…by Bee of 83toinfinity.com
This Sunday, the three lovely ladies behind Three Naturals will be hosting their first meet up – the Curly Cookout at Harlem Underground! If you haven’t RSVP’d yet, what are you waiting for? Eating delicious food in a dope venue with Toronto’s finest curlies? You’ve gotta be there!
I’m looking forward to this event for a few different reasons. Aside from the fact that I’m excited for a good ole cookout, I’m also excited to meet all of the awesome contributors and readers of the site. I tend to be shy in new situations and around a ton of new people, but it’s great to know that we’ll all have at least one thing in common: a love of learning about and embracing our hair in its natural state!
This past weekend, the boo piece and I hit up Afrofest – Toronto’s most anticipated free celebration of African food and culture. As we bopped to the drumming performance on stage, the Mister looked to the left, then to the right, then leaned in and said “This is like natural hair heaven.” And he was correct. Locs, afros, cornrows, twist-outs, TWAs, and other natural styles were in abundance at Woodbine Park, and it was great to see. When we left Afrofest, I saw many more naturals on the street, at the gas station, in the mall…which lead me to wonder – has Toronto’s natural hair consciousness changed?
Here in Toronto, I’ve noticed a change during the 4 years I’ve worn my hair naturally. These days, I definitely see more women embracing their natural kinks, curls, and waves. More women who choose to transition or do the Big Chop, revealing the tendrils of hair that most of us haven’t been acquainted with in decades. More women experimenting with locs. More women who may have always been natural, but are just now learning how to take care of their hair. More women who may choose to weave or braid their hair, but know how to properly treat the hair underneath. More men who see the beauty of the natural-haired ladies in their lives, whether that lady be their romantic partner or their daughter. More of the older generation abandoning “good hair” labels and embedded colonial mindsets, and realizing that there isn’t anything wrong with our God-given beauty. Is anyone else seeing this, or is it just me?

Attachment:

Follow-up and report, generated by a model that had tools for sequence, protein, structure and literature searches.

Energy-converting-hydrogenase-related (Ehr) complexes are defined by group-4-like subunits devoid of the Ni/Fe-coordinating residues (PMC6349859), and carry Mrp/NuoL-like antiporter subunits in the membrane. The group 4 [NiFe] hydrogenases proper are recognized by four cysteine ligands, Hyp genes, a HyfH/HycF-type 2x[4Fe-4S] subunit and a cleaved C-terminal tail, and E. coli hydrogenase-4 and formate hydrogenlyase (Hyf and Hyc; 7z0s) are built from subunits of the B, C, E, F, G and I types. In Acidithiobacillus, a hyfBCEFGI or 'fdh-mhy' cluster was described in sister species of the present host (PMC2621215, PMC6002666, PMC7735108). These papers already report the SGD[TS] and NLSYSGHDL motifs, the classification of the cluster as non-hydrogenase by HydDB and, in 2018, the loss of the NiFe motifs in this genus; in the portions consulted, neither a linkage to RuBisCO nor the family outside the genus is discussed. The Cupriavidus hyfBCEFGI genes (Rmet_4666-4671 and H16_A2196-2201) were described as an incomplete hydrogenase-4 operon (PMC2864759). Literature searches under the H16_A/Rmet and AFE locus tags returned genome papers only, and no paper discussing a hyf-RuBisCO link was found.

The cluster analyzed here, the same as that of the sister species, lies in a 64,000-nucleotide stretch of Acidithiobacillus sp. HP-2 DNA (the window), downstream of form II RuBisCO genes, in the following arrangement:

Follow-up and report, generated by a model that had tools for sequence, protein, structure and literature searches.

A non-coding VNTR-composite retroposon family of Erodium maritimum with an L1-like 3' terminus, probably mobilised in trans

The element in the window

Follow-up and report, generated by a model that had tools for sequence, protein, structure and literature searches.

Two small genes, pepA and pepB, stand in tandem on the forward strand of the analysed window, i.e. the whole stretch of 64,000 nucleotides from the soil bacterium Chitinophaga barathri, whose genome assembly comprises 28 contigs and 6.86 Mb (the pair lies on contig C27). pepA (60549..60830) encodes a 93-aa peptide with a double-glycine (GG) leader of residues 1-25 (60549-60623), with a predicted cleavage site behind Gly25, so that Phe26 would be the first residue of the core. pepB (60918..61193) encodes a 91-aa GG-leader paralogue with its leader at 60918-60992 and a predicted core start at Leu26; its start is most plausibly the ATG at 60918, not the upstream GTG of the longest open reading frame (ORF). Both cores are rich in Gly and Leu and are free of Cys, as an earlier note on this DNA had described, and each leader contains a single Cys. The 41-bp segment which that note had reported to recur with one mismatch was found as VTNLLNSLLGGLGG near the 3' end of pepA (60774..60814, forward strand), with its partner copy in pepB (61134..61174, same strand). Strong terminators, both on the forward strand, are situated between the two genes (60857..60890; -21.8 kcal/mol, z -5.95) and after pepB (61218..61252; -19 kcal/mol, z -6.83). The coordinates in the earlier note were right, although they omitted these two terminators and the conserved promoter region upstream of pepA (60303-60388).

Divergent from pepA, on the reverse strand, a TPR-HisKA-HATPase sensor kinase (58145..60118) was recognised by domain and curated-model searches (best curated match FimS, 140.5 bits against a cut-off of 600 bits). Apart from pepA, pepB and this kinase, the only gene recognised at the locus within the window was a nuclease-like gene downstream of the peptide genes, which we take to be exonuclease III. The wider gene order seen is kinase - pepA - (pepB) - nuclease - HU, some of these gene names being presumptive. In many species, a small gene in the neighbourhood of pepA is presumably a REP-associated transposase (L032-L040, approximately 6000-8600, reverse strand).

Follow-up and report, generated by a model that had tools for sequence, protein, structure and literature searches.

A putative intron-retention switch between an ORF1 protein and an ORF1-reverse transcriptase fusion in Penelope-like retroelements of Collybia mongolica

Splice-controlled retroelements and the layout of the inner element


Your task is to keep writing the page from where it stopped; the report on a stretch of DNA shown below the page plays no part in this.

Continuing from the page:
When I transitioned, natural hair was seen as a militant move (at its best), or a symbol of shame and ugliness (at its worst). If I had a dollar for every time someone mocked my TWA with a snide Black Power fist, or screwed up their face and told me I looked better with straight hair, I’d have a whole lotta dollars! Nowadays, things have changed. Folks who mocked me are rocking natural hair of their own. People who never thought natural hair could be gorgeous are now advocates of maintaining healthy and beautiful kinks and curls. It may just be happening in my little sphere, but I definitely see a paradigm shift – one that is long overdue.
The presence of amazing online resources like this very site help to change mentalities and notions of beauty, and for that, I am grateful. If you are too, come on out to the Curly Cookout! See you there!